The NHS is a residency-based free service. For overseas visitors, except for an initial urgent consultation with a GP, there are charges.
General Practioners (GPs)
GPs are the first point of contact for nearly all NHS patients. They can direct you to other NHS services and are experts in family medicine, preventative care, health education, and treating people with multiple and long-term conditions.
If you are planning to live and work in England, you need to register with a local GP. However, being registered with a GP practice does not in itself mean you will be entitled to free NHS hospital treatment.
If you are in England for a short visit but need to see a GP, you can register as a temporary patient with a local doctor. You need to be in the area for more than 24 hours but less than three months. Treatment will be free of charge, but please ensure you present your European Health Insurance Card (EHIC) if you have one.
Hospital treatment is free to people classed as ordinarily resident in the UK. This is not dependent on nationality, payment of UK taxes, National Insurance contributions, being registered with a GP, having a NHS number or owning property in the UK.
To be considered ordinarily resident, you must be living in the UK on a lawful and properly settled basis for the time being – you may be asked to prove this.
If you are a visitor from the EEA (European Economic Area), you will need to present a valid EHIC or other healthcare documents or you may be charged for your care.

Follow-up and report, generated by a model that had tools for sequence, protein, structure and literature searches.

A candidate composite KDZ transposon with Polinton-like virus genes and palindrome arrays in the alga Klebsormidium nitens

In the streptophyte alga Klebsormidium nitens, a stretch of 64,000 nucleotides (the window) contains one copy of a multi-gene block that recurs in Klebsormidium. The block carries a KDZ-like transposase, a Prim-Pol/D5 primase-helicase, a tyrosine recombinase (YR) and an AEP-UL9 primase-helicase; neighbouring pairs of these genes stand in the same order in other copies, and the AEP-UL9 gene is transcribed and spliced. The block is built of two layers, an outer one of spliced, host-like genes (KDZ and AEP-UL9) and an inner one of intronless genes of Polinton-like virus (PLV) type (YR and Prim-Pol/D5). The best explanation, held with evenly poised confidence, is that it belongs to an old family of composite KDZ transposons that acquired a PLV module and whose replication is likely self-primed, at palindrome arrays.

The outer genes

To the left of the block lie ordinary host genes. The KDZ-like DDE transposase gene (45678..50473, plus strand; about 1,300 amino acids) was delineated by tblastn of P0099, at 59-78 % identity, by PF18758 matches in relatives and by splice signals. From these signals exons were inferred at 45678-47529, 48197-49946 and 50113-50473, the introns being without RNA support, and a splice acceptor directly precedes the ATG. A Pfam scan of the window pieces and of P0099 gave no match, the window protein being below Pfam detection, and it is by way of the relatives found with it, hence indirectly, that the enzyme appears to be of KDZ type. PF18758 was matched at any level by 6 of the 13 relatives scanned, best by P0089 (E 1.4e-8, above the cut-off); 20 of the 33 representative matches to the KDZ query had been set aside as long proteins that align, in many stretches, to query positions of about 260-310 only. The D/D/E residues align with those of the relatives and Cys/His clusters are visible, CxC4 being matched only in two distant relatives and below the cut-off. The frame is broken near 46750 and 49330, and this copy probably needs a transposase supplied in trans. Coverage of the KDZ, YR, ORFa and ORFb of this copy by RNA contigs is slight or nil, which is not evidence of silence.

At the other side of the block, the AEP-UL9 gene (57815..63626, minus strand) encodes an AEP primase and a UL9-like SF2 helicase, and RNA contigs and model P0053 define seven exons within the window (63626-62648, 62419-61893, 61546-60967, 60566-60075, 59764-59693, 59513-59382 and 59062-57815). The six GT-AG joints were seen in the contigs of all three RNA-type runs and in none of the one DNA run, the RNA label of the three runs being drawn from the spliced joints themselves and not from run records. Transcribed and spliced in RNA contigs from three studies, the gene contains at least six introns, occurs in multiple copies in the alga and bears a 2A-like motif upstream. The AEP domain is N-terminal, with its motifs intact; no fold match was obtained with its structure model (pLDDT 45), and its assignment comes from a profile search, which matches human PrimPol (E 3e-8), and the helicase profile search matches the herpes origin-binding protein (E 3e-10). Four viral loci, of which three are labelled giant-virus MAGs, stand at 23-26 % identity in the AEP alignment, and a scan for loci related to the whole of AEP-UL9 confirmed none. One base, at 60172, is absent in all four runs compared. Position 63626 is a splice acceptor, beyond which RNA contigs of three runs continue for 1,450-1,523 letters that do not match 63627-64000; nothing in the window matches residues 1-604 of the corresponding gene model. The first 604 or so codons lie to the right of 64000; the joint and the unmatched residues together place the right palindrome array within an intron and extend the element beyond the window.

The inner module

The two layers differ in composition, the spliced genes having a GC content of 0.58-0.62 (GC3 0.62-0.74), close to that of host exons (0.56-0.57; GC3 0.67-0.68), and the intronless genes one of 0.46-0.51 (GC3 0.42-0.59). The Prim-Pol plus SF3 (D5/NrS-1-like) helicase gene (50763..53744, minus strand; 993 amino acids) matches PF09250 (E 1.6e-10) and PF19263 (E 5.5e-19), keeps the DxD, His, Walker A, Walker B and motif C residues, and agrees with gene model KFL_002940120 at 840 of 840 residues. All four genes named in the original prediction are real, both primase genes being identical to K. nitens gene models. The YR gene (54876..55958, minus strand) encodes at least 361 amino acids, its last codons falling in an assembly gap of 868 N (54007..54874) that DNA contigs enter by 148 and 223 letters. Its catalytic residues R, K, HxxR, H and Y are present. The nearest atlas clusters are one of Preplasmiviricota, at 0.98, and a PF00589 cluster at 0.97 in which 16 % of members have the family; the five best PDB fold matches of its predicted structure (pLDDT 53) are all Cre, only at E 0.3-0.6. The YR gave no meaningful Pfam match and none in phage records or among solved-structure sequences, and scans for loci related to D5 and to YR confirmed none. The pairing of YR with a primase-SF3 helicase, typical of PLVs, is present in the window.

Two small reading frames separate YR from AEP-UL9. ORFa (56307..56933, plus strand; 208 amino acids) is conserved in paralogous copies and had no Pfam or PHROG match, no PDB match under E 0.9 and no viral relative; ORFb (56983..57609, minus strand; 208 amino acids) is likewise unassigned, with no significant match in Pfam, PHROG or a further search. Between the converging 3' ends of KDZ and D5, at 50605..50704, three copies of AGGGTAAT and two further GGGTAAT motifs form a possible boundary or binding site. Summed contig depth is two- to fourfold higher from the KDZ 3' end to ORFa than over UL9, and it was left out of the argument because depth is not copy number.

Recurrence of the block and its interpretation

If you are visiting England from a non-EEA country, you need to ensure you are covered for healthcare through personal medical insurance for the duration of your visit, even if you are a former UK resident.
Should you need NHS treatment and you have not arranged insurance, you will be charged at 150% of the standard NHS rate, unless an exemption category applies to either you or the treatment. If you are coming for more than six months, you may need to pay the immigration health surcharge.
Immigration Health Surcharge
If you are coming to the UK on a temporary stay of more than six months, you may be required to pay an immigration health surcharge at the time of your visa application. The standard surcharge fee is:
• £150 per year per person for students and each of their dependents
• £200 per year per person for everyone else
The full amount will be paid upfront for the duration of your visa. You can find details, including exemptions on the main government website: www.gov.uk/healthcare-immigration-application
If you have paid the surcharge or you were exempt from paying it, and your visa allows you to be here for more than six months, you will be entitled to free NHS hospital treatment in England on the same basis as an ordinarily resident person. This will apply from the date your visa is granted until it expires. You will be charged for any non-exempt treatment you received before the start date of your visa. Paying the surcharge only gives you access to services the NHS provides.